Short durations of delayed feed access impact the intestinal development of young broiler chickens

Adapted from a text by David Lamot - First Week Nutrition for Broiler Chickens

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Broiler chickens start their life inside an incubator without any exogenous feed and water access, before being sorted and transported to a grow-out facility. During incubation, important organs, such as the gastro-intestinal tract and the immune system start to develop, a process that continues for several weeks after hatching. Hence, broiler chickens undergo a number of changes during the perinatal period, including the first week of life, both physiological and environmental related. Although broiler chickens have a residual yolk that may provide nutritional support during the first week of life, the period between hatch and first (exogenous) feed intake might have an impact on subsequent growth performance. Furthermore, the physiological status of the chicken at hatch determines the nutritional requirements of the chicken for this age period. Interestingly, that same physiological status also sets boundaries with respect to feed ingredients and nutrients constraints within the diet that the chicken can digest and metabolize.

Immature development of the gastro-intestinal tract is associated with a suboptimal digestive capacity for fat. To anticipate this, young broiler chickens are fed (pre-) starter diets that are primarily based on starch and protein sources that are perceived to be easily digestible at this age. Immature development of the immune system may expose the broiler chicken to a higher risk for diseases and mortality during the first week of life. Limited knowledge is available about how physiological development during the first week of life, reflected by digestive organ and immune status, is affected by feed availability directly after hatch, and macro nutrient composition in complex pre-starter diets. Furthermore, it is not well known how nutrition during the first week of life affects long-term physiological development, growth performance, and health status.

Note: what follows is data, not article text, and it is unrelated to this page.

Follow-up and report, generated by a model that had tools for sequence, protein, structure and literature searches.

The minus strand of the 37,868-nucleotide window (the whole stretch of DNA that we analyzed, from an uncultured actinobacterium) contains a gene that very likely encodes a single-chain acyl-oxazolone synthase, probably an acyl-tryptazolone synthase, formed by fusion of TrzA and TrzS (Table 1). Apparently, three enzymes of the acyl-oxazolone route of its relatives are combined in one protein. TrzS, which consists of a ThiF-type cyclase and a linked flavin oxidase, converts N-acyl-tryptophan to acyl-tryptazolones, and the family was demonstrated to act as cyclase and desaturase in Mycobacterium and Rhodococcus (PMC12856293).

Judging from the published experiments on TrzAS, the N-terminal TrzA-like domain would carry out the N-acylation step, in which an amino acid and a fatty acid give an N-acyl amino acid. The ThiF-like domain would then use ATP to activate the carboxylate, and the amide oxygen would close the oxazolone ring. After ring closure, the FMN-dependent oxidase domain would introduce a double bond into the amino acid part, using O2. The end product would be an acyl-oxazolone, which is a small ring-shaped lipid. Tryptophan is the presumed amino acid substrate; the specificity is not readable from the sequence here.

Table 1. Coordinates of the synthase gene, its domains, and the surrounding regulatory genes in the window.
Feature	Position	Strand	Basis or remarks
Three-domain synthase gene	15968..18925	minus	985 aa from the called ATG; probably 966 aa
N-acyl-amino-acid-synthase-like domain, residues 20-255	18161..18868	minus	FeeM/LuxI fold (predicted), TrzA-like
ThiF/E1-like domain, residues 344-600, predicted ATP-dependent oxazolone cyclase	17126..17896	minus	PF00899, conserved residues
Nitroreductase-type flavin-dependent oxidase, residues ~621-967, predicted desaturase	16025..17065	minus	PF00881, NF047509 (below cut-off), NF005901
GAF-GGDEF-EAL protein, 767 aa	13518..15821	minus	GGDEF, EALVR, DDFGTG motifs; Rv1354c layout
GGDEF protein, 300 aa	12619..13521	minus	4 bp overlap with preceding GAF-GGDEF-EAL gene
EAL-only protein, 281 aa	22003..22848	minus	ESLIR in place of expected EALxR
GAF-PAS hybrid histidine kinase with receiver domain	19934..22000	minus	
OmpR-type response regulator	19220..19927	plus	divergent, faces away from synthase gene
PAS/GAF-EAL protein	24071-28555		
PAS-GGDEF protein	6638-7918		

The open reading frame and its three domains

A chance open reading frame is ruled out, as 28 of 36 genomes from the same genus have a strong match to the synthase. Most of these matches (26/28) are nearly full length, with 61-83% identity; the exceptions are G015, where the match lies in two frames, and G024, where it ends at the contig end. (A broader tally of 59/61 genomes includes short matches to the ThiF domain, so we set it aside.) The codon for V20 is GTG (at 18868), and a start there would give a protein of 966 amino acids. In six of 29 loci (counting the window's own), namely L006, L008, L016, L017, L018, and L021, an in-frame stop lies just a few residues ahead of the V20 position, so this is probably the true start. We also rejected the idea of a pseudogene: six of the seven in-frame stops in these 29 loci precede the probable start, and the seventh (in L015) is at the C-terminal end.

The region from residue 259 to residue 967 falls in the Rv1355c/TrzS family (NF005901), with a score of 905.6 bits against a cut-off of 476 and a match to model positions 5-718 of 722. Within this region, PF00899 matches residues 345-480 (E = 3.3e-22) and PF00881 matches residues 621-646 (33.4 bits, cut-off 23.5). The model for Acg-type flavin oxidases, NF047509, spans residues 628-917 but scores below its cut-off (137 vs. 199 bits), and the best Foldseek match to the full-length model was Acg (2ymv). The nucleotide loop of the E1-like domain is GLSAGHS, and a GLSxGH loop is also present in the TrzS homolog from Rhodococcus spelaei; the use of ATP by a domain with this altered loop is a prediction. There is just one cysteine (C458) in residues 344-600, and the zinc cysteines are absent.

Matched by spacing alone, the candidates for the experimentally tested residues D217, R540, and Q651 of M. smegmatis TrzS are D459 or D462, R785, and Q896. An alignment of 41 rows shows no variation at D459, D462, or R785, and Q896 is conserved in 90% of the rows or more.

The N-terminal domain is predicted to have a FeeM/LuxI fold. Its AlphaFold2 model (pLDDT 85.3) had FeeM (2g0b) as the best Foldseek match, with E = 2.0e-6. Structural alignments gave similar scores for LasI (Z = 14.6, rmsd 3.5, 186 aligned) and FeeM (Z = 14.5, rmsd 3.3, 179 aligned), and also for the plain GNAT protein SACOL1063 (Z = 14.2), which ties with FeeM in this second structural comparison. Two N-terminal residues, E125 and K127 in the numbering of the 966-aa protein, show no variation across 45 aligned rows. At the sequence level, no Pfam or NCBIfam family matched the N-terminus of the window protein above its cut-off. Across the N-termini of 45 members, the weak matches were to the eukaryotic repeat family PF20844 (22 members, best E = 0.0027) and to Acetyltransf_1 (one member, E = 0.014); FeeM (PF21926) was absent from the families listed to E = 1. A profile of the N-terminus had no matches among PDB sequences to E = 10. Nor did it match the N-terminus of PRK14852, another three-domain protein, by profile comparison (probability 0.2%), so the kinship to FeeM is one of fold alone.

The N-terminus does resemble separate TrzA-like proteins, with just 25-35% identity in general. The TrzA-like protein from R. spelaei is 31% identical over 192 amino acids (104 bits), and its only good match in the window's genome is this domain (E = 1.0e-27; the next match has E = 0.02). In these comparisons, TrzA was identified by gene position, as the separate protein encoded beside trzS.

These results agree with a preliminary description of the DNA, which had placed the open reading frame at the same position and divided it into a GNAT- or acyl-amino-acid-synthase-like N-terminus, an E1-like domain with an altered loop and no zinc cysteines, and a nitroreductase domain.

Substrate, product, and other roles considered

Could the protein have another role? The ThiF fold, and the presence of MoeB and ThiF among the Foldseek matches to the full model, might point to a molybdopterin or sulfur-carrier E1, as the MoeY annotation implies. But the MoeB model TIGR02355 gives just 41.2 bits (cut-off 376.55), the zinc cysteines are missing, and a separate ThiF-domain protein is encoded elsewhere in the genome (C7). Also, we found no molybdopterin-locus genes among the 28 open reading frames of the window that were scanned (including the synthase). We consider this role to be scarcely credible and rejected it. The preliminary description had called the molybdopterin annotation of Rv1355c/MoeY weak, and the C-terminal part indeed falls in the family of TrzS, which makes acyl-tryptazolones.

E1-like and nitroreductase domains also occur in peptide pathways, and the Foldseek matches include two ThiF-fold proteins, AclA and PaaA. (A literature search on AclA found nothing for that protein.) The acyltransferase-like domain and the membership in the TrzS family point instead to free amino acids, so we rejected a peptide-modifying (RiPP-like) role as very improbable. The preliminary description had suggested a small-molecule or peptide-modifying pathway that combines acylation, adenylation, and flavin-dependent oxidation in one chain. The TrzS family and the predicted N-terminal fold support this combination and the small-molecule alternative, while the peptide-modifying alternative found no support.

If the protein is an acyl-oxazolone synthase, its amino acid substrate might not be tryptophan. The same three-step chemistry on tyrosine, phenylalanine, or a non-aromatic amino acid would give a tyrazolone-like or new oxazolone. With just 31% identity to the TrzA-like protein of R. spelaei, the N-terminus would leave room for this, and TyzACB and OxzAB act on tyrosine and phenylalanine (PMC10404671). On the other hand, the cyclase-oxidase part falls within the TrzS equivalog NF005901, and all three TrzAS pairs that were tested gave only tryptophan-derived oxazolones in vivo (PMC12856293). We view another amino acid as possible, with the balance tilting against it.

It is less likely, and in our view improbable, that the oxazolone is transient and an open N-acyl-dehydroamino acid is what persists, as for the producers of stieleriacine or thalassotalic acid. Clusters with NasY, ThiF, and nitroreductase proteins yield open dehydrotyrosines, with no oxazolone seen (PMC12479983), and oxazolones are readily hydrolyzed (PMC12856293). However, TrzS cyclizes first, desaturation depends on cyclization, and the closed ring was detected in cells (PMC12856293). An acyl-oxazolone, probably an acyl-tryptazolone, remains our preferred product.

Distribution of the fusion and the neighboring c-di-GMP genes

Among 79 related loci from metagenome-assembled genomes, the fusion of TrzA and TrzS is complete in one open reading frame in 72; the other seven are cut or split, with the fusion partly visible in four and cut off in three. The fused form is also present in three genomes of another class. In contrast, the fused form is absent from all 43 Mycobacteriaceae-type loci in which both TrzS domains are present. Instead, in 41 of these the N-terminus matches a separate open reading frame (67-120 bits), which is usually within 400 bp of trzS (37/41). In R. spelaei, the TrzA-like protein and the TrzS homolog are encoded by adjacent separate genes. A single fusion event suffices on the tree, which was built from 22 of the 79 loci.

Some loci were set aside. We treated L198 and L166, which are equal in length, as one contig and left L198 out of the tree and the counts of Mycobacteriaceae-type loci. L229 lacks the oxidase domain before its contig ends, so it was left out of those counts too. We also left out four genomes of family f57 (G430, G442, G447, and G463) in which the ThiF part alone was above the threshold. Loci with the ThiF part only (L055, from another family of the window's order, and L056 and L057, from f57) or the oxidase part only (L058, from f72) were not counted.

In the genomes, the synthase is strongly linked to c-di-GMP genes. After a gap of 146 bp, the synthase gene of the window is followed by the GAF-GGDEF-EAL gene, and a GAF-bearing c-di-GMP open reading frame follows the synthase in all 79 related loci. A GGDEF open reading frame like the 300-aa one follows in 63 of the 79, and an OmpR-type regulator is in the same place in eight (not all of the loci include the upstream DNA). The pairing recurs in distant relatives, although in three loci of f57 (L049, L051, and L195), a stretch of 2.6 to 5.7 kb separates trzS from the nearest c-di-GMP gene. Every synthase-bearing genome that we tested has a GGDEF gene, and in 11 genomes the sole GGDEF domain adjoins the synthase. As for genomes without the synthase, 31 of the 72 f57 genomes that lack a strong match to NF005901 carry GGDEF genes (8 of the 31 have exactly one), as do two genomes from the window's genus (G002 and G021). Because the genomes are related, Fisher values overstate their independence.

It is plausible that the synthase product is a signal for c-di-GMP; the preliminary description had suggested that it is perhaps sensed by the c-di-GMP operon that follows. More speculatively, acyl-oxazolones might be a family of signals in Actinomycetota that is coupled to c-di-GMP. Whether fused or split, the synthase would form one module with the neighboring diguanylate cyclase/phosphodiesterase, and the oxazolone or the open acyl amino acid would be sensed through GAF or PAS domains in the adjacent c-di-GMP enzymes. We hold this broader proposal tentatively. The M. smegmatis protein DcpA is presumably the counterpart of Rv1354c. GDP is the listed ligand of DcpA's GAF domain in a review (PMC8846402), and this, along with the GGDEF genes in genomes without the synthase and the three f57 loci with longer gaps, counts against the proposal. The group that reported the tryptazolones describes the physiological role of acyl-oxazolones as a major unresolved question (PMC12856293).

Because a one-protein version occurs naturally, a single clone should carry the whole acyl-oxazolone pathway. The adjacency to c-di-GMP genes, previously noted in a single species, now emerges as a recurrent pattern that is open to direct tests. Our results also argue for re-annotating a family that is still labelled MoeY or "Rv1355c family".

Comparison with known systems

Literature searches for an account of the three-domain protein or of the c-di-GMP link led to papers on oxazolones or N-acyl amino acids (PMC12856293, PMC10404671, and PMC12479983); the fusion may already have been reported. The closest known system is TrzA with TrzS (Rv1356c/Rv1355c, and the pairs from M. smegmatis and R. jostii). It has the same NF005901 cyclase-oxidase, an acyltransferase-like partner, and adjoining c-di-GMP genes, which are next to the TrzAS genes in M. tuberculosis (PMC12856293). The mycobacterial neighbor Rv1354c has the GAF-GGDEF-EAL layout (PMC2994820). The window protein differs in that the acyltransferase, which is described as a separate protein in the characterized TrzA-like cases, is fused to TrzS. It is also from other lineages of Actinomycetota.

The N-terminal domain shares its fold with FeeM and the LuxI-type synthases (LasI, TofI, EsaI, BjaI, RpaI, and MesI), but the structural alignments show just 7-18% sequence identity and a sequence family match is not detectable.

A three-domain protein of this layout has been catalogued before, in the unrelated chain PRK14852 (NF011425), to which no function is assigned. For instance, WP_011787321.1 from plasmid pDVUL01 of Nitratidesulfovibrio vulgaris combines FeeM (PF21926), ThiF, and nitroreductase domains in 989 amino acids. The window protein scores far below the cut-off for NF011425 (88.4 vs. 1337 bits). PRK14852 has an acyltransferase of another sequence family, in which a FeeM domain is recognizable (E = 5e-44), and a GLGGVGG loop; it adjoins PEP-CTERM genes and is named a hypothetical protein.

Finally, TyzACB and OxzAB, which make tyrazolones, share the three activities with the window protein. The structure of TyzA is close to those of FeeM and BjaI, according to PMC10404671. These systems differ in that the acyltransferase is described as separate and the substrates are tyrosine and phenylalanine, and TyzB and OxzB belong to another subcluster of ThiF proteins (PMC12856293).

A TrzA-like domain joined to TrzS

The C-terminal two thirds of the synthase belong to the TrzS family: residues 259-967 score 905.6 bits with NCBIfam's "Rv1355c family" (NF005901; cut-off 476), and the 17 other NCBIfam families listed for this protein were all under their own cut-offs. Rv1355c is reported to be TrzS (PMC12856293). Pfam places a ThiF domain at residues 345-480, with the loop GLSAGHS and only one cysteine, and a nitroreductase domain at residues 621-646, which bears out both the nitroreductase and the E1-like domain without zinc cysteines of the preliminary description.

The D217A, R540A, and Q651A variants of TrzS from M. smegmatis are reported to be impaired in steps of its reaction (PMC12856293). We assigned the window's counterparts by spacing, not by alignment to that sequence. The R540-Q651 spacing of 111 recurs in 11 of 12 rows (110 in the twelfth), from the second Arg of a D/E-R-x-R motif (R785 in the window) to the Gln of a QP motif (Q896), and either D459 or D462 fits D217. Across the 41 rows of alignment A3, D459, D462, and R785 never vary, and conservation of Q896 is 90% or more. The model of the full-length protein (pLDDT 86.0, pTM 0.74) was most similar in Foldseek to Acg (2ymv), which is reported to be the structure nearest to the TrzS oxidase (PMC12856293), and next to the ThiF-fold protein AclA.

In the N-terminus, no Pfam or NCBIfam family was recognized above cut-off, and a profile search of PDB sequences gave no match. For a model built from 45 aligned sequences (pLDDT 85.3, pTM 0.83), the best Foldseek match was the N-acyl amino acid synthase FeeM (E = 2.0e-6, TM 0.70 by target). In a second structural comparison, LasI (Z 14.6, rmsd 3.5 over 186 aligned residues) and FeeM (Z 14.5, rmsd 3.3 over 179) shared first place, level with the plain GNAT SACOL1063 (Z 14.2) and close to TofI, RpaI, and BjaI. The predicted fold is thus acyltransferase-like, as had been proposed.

In traditional hatcheries, the time between hatch and first feed intake is variable (up to 48 or even 72 h) due to differences in the spread of hatch, processing and transportation time. Various studies have looked at the effect of time between hatch and first feed intake on development and growth later in life, but often focused on delayed feed intake in relation to large time intervals (48 to 72 h). Newly hatched chickens were pulled from an incubator at three time intervals (475 to 481, 483 to 487, and 489 to 493 h after onset of incubation) and were provided feed and water either directly or delayed (504 h after onset of incubation). The results of this study suggested that especially early hatched chickens benefit from direct feed access compared to midterm and late hatched chickens, as they tended to have a higher body weight gain from 0 to 18 d of age. Furthermore, irrespective of the moment of first feed intake, early hatched chickens were found to be physiologically different compared to midterm and late hatched chickens by means of a higher breast meat yield at 18 d of age. A short (13 to 26 h) delay in feed access after hatching resulted in lowered body weight gain and feed intake compared to direct feed access during the first week of life. In addition, delayed feed access resulted in a lower weight to length ratio.

Broiler chickens received either direct or delayed (48 h) feed access after placement in the grow-out facility. Pre-starter treatments consisted of a control diet (with soybean oil), a diet with fish oil (5 g/kg) or a diet with a blend of medium chain fatty acids (MCFA; C10:0 and C12:0; 30 g/kg), followed by a standard starter and grower diet. Immune function was measured through innate and specific humoral immunity, represented by immunoglobulins, interferon gamma, complement activity, and agglutination titres, of which agglutination titres were determined after a challenge with sheep red blood cells at 21 d of age. Results showed that chickens with direct feed access after placement that were fed the control pre-starter diet had a higher risk for mortality than chickens with delayed feed access and fed the control pre-starter diet, with the other treatment groups in between. Although the inclusion of MCFA resulted in higher body weight gain and lowered feed efficiency during the first week of life, this effect was not maintained for the remainder of the grow-out period. For direct fed chickens, the body weight at 28 d of age was highest for the control diet and lowest for the diet with MCFA, whereas this was the opposite in delayed fed chickens. The inclusion of fish oil and MCFA had minor effects on humoral immune function. Until 25 d of age, delayed feed access resulted in lowered body weight gain and feed intake compared to direct feed access, whereas gain to feed ratio was higher.